- TRICE-2 liftoff, by K. Blix, ASC
GCI CUSP is an international research project between Norway, USA, Canada, and Japan involving 12 sounding rockets launched from Andøya and Ny-Ålesund between 2018 and 2020.
The basic idea behind the project is to gather scientists investigating phenomena related to the magnetosphere and Earth’s cusp regions. All participants share the collected research data between them.
The four sounding rockets were two Black Brant XIIA from Andøya in the NASA TRICE-2 mission and two Black Brant X from Ny-Ålesund in the NASA VISIONS-2 mission. The rockets were launched in pairs 120 seconds apart, reason being that one wish to measure any changes in the ionosphere between the first and second launch. In addition the rockets flew in different altitudes. VISIONS-2 and TRICE-2 didn’t carry identical payloads but both missions measured parameters related to the cusp region.
All four flights was deemed a success and hopefully marks the beginning of a fruitful GCI CUSP for scientists, engineers, data modellers as well as for the launch sites and ground based instrumentation supporting the project.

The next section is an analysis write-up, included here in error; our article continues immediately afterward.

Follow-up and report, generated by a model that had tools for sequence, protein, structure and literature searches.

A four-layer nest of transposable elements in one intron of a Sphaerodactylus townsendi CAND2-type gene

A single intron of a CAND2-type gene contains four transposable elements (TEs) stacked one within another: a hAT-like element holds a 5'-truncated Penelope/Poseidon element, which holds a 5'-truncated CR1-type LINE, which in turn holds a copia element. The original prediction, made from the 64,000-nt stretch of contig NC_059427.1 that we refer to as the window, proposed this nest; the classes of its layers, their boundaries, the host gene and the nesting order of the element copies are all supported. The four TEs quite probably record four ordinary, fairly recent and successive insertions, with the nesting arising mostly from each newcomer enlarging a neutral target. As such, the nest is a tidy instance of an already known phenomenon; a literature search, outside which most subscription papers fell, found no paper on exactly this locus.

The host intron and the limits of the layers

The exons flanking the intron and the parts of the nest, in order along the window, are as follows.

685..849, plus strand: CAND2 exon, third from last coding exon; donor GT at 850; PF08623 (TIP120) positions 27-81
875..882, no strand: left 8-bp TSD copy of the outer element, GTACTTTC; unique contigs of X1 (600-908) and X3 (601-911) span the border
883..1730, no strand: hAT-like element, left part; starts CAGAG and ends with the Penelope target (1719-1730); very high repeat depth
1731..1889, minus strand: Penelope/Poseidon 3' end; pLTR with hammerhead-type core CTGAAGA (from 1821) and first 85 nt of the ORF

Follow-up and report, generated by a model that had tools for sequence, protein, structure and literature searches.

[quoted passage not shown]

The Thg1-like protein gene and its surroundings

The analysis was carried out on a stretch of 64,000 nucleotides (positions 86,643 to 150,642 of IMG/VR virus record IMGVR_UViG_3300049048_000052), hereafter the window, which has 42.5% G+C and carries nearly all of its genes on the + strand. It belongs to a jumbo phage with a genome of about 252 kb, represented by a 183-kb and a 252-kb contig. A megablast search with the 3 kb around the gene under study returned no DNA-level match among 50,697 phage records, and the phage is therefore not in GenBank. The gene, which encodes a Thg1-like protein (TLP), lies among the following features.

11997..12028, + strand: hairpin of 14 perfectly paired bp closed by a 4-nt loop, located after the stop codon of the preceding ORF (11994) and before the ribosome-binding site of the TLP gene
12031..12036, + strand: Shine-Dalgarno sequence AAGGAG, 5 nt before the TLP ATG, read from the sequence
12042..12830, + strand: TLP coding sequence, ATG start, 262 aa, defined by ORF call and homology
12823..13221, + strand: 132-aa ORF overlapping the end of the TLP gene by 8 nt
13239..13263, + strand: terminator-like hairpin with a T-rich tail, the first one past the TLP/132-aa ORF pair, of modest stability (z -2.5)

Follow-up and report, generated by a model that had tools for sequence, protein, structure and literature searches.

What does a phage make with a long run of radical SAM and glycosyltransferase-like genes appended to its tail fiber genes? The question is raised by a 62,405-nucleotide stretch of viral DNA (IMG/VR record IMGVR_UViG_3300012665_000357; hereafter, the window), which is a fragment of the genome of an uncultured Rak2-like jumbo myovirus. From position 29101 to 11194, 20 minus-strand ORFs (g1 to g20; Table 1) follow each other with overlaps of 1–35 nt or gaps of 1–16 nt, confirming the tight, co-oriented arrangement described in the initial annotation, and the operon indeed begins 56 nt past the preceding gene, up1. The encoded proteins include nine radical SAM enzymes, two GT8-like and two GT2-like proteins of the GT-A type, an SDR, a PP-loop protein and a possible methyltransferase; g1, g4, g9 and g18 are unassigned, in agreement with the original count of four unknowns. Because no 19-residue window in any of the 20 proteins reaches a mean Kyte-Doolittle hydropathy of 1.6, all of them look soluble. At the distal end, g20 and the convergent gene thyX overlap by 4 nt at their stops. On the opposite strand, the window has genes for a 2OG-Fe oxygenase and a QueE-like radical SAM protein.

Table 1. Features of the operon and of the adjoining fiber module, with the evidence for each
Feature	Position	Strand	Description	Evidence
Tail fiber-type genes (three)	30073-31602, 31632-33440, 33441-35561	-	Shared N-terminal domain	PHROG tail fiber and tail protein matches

VISIONS-2 vehicle 1 was launched Dec 7th, 2018, 11:06 UTC from Ny-Ålesund, reached an apogee of 805 kilometers and the second followed at 11:08 UTC reaching an apogee of 600 kilometers. VISIONS-2 used Black Brant X vehicles.
The principal investigator for VISIONS-2 is Douglas Rowland from NASA Goddard Space Flight Center.
TRICE-2 vehicle 1 was launched Dec 8th, 2018, 08:26 UTC from Andøya, reached an apogee of 1 042 kilometers and the second followed at 08:28 UTC reaching an apogee of 756 kilometers. TRICE-2 used Black Brant XIIA vehicles.
Principal investigator for the TRICE-2 mission is professor Craig Kletzing from the University of Iowa.
For More Information
Kolbjørn Blix, head of ASC Space Systems